After the Fall Amr Bargisi, Samuel Tadros, Tablet. In the eyes of two Egyptian thinkers, the Tahrir revolution was never democratic or liberal—and it was never in the interests of the middle class.
The Arab Spring and the Islamic State Ed Husain, New York Times. In the recent uprisings, the burning of American or Israeli flags was not a central display; the protesters focused on internal, national problems. That's how they must continue.
EastEnders Stephen Burstin, Jewish Week. London's East End was once a hub of immigrant Jewish life, with a soup kitchen that served 5,000 meals a day, a Yiddish theater, countless synagogues, Petticoat Lane Market, and . . . Jacob the Ripper?
The Riddle of the Mufti Norman Goda, H-Net. Haj Amin al-Husseini threw a long shadow as a precursor to the Arab and Muslim factions whose brand of anti-Semitism borrows much from the Western traditions that they otherwise despise.
Marriage and Morals Shlomo Brody, Jerusalem Post. While the Torah explicitly commands Jews to procreate, it never definitively demands marriage. That being the case, does Jewish law ever permit extramarital sex?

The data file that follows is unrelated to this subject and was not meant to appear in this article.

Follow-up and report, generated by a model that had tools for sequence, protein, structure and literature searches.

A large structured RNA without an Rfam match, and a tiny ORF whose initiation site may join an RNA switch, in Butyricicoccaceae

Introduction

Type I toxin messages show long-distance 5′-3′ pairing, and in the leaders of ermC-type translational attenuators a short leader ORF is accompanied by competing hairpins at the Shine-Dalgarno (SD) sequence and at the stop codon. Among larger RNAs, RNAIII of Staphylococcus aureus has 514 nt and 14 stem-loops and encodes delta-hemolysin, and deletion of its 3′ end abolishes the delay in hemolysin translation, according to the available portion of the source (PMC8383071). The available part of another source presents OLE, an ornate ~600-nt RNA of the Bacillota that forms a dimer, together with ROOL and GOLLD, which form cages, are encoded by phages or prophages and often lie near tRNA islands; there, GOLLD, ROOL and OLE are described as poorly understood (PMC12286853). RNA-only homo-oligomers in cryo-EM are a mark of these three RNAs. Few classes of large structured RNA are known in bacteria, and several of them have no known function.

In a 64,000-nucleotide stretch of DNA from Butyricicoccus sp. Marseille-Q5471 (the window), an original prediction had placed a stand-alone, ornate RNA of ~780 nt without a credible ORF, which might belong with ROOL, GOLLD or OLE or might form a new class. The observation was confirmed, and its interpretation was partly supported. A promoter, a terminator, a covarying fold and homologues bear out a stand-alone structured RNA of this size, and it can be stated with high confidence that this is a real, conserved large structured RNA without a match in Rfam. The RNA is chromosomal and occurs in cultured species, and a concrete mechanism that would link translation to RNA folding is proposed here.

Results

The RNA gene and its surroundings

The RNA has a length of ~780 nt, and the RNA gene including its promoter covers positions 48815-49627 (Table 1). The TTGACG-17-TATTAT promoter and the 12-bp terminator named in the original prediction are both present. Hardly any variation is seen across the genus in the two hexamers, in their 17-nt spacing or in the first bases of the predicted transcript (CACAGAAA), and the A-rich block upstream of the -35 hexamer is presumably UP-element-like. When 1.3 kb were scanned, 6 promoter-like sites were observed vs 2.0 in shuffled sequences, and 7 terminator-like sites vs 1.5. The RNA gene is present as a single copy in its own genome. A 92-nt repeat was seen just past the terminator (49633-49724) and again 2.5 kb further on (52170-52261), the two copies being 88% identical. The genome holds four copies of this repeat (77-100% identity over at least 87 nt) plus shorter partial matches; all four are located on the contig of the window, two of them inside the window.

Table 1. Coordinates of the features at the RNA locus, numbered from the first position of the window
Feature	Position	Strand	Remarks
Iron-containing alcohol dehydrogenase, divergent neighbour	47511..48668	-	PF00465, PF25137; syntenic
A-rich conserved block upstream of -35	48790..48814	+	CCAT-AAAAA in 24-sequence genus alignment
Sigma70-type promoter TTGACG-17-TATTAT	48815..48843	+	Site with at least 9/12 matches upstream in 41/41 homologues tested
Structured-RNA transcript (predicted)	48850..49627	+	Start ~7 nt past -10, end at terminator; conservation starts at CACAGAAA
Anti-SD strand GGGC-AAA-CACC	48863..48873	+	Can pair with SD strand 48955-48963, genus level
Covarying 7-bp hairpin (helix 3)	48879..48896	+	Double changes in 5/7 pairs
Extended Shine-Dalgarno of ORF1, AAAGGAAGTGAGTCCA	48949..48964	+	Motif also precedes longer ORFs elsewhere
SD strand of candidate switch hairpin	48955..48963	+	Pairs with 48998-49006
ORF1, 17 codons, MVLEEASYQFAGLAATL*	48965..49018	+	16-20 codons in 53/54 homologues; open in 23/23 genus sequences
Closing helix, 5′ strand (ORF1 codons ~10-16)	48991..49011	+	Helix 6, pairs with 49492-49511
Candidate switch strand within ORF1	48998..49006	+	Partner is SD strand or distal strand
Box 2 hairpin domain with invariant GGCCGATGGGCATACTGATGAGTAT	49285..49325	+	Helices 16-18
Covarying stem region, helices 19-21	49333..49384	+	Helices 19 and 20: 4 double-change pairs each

Open House Yitzhak Benhorin, Ynet. Rahm Emanuel is now mayor of Chicago, Dan Shapiro turned down the position of Middle East desk chief, and Dennis Ross has resigned. Is there anyone left in the White House who understands Israel?
The Mentalist Larry Getlen, New York Post. While Erik Jan Hanussen could hypnotize women into "the throes of orgasm" and use handwriting to discern intimate details of a person's life, his greatest trick was luring the Nazis into a deep, dependent alliance with a Jew.
The Progressive Case for Israel David Hirsh, Engage. There are reasons to be ambivalent about nationalism. But Israel now exists in the material world, so to treat it merely as an idea or as a political movement makes it possible to think of eliminating it too.